Yet another offering from AI-Thinker

Well, like just about everyone else in the world, I’ve been waiting for the Middle Kingdom new year’s holiday to get itself over with so that we can get back to ordering stuff in the hope that it’ll turn up in just a couple of weeks, rather than a month or so.  Much to my surprise though, the postie dropped off a little package for me today which I had pretty much assumed hadn’t made it out of the starting gate before the beginning of the holiday.  My second surprise was that the boards in the packet actually worked, right off the bat, without the involvement of soldering iron, boot or hammer.  I was so shocked I had to sit down and settle my nerves with a little drink (luckily the teapot was already warmed, as we’re right out of Scotch).

I’d taken a chance and ordered another couple of AI-Thinker boards, working on the principal that nothing could be as abysmal as the initial experience of the “T5” and, as before, based on the fact that the cost of each board was significantly less that the cost of the components if I were to buy them separately.  These boards are generally referred to as the

Yellow Serial Development Board
AI-Thinker “Yellow Dev Board”

“Yellow Development Board” (or sometimes, “Plate”) and have been available for quite some time (longer than the “T5”, I think).  They come with an assortment of LEDs (most of them tiny little surface-mount parts, but also one ginormous, RGB, through-the-hole jobbie, too), a CDS light sensor (tacked onto the ADC pin), an on-board HT7333 low-quiescent-current voltage regulator, a battery box (3 x AA cells), a jumper to enable programming mode and an ESP8266-ESP12.  One of the neat points of this board is the fact that all  of the ESP8266 pins are available on header pins on the top side of the board and there’s also a separate programming header (which, unfortunately, seems to be incorrectly labelled on the silk screen, with the TX and RX pins reversed when compared to the ESP8266 header pins).

The board comes pre-loaded with a demo which does actually seem to work.  If you have an Android based phone or tablet you can download AI-Thinker’s app to control and mix the colour balance on the RGB LED and to switch the other LEDs on and off.  All very much better than the “T5”.  There are a couple of reviews out there already (here’s Marco’s short video review).  One of the better ones was written by Squix, way back in January of 2015 (I told you this one has been around for a while), including a very nice labelled photo which shows the correct pins on the programming header.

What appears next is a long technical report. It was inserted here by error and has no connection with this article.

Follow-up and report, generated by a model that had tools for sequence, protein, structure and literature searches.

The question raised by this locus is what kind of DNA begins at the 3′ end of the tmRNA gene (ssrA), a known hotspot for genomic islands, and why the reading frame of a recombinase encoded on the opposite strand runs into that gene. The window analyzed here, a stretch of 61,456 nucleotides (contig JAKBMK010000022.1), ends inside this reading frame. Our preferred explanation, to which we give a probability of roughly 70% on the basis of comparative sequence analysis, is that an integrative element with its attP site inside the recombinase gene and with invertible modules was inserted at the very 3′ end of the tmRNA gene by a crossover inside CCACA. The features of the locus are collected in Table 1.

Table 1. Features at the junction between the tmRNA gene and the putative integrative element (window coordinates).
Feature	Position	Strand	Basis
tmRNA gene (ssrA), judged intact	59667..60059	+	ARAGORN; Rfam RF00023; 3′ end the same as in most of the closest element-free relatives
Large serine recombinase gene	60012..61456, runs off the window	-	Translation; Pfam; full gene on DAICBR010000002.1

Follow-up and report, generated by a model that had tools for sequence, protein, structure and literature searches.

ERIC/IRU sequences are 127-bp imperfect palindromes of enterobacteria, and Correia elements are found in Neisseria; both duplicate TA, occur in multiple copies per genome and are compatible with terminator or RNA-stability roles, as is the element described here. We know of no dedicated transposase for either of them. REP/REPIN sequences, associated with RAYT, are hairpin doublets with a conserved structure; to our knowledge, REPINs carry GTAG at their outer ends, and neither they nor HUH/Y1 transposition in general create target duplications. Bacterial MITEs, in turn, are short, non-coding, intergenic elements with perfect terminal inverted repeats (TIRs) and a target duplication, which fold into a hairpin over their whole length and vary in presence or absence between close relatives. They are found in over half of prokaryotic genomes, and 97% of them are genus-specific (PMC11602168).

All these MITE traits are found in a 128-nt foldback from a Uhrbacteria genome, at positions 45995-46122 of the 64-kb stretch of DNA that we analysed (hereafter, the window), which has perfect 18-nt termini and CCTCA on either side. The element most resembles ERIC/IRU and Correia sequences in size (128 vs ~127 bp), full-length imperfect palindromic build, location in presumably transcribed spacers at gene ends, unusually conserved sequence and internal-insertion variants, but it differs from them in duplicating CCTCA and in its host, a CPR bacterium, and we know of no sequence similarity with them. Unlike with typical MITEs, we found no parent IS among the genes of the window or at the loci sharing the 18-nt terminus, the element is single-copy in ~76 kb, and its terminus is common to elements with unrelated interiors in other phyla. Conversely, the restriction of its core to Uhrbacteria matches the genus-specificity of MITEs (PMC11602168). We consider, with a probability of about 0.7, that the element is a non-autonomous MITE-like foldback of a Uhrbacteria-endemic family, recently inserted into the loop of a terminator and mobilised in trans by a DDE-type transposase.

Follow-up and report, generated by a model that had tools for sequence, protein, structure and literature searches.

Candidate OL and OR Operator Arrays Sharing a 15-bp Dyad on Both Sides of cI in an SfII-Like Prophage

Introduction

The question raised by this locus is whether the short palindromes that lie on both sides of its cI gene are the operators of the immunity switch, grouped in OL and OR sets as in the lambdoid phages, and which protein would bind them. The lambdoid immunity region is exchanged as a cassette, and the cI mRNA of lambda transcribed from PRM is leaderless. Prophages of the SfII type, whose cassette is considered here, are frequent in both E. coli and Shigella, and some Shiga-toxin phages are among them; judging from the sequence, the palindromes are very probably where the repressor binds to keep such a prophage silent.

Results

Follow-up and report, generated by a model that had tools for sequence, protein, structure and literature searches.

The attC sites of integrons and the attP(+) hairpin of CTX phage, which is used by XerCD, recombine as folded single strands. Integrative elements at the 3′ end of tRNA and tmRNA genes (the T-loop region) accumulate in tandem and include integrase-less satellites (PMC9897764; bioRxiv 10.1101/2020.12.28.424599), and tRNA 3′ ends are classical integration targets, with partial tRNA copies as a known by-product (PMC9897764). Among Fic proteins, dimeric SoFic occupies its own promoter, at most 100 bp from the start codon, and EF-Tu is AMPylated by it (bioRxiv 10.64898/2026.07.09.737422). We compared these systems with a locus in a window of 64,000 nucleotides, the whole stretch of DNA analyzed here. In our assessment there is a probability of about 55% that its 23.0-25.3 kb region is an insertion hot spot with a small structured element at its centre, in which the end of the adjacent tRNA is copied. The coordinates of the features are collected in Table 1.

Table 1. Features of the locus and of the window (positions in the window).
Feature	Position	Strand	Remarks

So, why the interest in an old board?  Well, first off, after my bashing of the newer “T5”, I wanted to be able to recommend an AI-Thinker board which is actually functional and good value.  This board is still readily available from lots of sellers and is a cheap way to get your hands on an ESP12 .  As it stands, it is a functional, nifty demonstration of what can be done with a single ESP8266 and a couple of AA batteries.  It is also readily reprogrammable via the 3-pin header to run your own firmware (how about a novelty night-light toy for a child …run a simple light display for a while, sleep for a random amount of time, display, sleep, display…).  Anyway, it seems as though the board would make an excellent platform for hacking into more useful devices, especially as all of the I/Os are split out already.  Adding a few sensors and MQTT functionality should be fairly easy …and that’s what I’ll get into next time.

Update:-  Just to show that you don’t need huge amounts of work to get a small project working …here’s one of these boards with an ENC28J60 module simply wirewrapped to the existing pins (8 connections in all), serving web pages, courtesy of Cicero and Sprite_tm.

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5 thoughts on “Yet another offering from AI-Thinker

  1. Hi,

    I’m searching for a scematic diagram of that board, because I want to replace the LDC with a thermistor and therefore have to find out the values of the voltage divider on the board.
    Do you have an idea where I can find that diagram?

    Thanks

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    • No idea, JD. I haven’t found one yet. However, looking at the board and using a multimeter to check I can see that there are two 1-meg (“105”) resistors in series between VCC and GND with the mid-point connected to the ADC pin. That means that there would be 1.65v on that pin (which is meant to be limited to 1v max), except that the LDR is connected in parallel across the bottom resistor (ie:- between the ADC pin and ground) and seeing that it has a much lower value (both in the light and in the dark) than the 1-meg, it keeps the voltage on the ADC pin to a safe level.

      -John-

      Like

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